In the spring of 2005, a glossy black trailer 53 ft. long began wending its way on a national tour. It contains a singular exhibit: the latest and coolest in casket designs from the country's leading manufacturer, Batesville. The exhibit opens with the Maserati of departure vehicles--the 540-lb., $18,500 Marsellus 700 Masterpiece. Although the Marsellus defines tradition (Ronald Reagan was buried in one, but then so was the Notorious B.I.G.), what follows focuses on the four trends that have rocked the casket industry: obesity, personalization, cost competition and cremation. Local funeral directors wandering through the exhibit examine the politely titled Dimensions line, launched in 2004 to accommodate an increasingly beefier populace. Nearby they view a display of LifeSymbols--knickknacks affixed to casket corners to signify that the occupant was, say, a fishing enthusiast. The undertakers marvel at a new line of less costly but still handsome caskets that uses--gasp--wood veneer. Finally, they admire urns and cremation jewelry, which prove that even casketmakers can't ignore the fact that more than a quarter of dead Americans wind up as ashes.
Demographically speaking, the future looks bright for the $3.5 billion casket industry. Over the next 20 years, the baby-boom generation, despite its considerable efforts to the contrary, will start to meet mortality, swelling the death rate in the U.S. from 2.4 million a year to 3.2 million. By 2040, annual deaths are forecast to hit 4.1 million. You'd think the big casketmakers--Batesville, York and Aurora, which together produce at least 70% of all caskets sold in the U.S.--would be resting easy.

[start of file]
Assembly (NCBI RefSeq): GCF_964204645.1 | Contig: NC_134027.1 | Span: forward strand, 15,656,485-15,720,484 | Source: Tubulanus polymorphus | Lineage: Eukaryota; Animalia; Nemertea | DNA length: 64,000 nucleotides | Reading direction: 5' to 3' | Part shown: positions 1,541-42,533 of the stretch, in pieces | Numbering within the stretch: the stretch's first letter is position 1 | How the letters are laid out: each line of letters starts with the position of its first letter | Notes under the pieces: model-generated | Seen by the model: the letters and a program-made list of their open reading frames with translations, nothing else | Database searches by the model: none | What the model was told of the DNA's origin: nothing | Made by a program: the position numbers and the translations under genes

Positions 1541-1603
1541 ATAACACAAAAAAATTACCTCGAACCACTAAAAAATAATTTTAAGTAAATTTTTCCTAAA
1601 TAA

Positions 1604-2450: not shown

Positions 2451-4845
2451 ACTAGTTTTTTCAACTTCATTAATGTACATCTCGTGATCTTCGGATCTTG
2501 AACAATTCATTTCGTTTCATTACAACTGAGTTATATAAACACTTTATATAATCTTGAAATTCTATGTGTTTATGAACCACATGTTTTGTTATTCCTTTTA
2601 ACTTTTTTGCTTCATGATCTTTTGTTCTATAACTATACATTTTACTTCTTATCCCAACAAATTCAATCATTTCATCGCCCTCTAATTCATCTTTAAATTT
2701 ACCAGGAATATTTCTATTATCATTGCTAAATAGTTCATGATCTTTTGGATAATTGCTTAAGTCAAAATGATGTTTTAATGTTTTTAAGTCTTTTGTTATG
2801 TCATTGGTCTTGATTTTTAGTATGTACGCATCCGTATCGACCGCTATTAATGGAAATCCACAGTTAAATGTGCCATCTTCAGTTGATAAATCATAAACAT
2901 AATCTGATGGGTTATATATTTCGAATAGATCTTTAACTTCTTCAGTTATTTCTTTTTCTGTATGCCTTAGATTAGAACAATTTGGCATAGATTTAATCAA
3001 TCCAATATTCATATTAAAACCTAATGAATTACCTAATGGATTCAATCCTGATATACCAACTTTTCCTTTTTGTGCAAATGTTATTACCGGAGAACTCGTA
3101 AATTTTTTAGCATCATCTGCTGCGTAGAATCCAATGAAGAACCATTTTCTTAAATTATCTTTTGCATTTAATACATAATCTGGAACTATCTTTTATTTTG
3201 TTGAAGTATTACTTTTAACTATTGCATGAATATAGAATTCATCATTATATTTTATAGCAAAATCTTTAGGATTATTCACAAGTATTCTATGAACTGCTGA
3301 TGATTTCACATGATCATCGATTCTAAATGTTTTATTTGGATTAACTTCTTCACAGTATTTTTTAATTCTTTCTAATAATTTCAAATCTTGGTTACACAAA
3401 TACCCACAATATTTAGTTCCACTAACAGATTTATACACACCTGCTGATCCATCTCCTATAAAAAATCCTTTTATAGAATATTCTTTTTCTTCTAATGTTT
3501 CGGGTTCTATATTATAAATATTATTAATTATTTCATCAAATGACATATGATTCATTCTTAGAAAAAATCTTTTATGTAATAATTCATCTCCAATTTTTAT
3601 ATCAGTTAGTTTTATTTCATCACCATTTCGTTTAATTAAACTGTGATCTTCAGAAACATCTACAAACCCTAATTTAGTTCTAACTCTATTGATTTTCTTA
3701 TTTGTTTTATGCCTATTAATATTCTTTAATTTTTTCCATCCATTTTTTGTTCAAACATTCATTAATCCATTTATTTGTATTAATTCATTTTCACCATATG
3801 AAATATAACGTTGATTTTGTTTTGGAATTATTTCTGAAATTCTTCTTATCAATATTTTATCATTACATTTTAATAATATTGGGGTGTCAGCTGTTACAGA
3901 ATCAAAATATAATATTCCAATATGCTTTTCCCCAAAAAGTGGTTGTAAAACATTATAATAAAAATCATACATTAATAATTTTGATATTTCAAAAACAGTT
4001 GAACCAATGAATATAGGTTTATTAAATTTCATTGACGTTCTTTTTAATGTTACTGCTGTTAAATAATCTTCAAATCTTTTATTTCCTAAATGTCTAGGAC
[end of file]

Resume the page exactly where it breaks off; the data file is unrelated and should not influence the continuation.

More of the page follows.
You'd be wrong. About three-quarters of Americans make their final exit via a casket, according to the Casket & Funeral Supply Association. That will change. The Cremation Association of North America predicts that by 2025, nearly half of deaths will end in cremation. While 13% of cremations involve the use of a casket (some families choose, often at their funeral directors' urging, to conduct a traditional viewing of their loved ones before cremating their bodies), families are increasingly less likely to shell out thousands of dollars for a box destined for the incinerator. To make matters worse, that shrinking market is also sought by a growing number of competitors: discounters, Chinese imports and independent craftsmen who ply their wares directly to consumers via storefronts or the Web. Add the rising costs of steel and lumber, and you begin to hear the opening lines of an industry requiem.
Or maybe not. For now, rumors of the casket's death are somewhat exaggerated. The normally stiff industry is offering consumers a wider range of options, from customized doodads to cheaper models to online window shopping. With families still paying $2,000 to $2,500 on average for a casket--a third of the average bill for the total funeral, which the National Funeral Directors Association says was $6,500 in 2004--there's still plenty of money in building boxes for burial.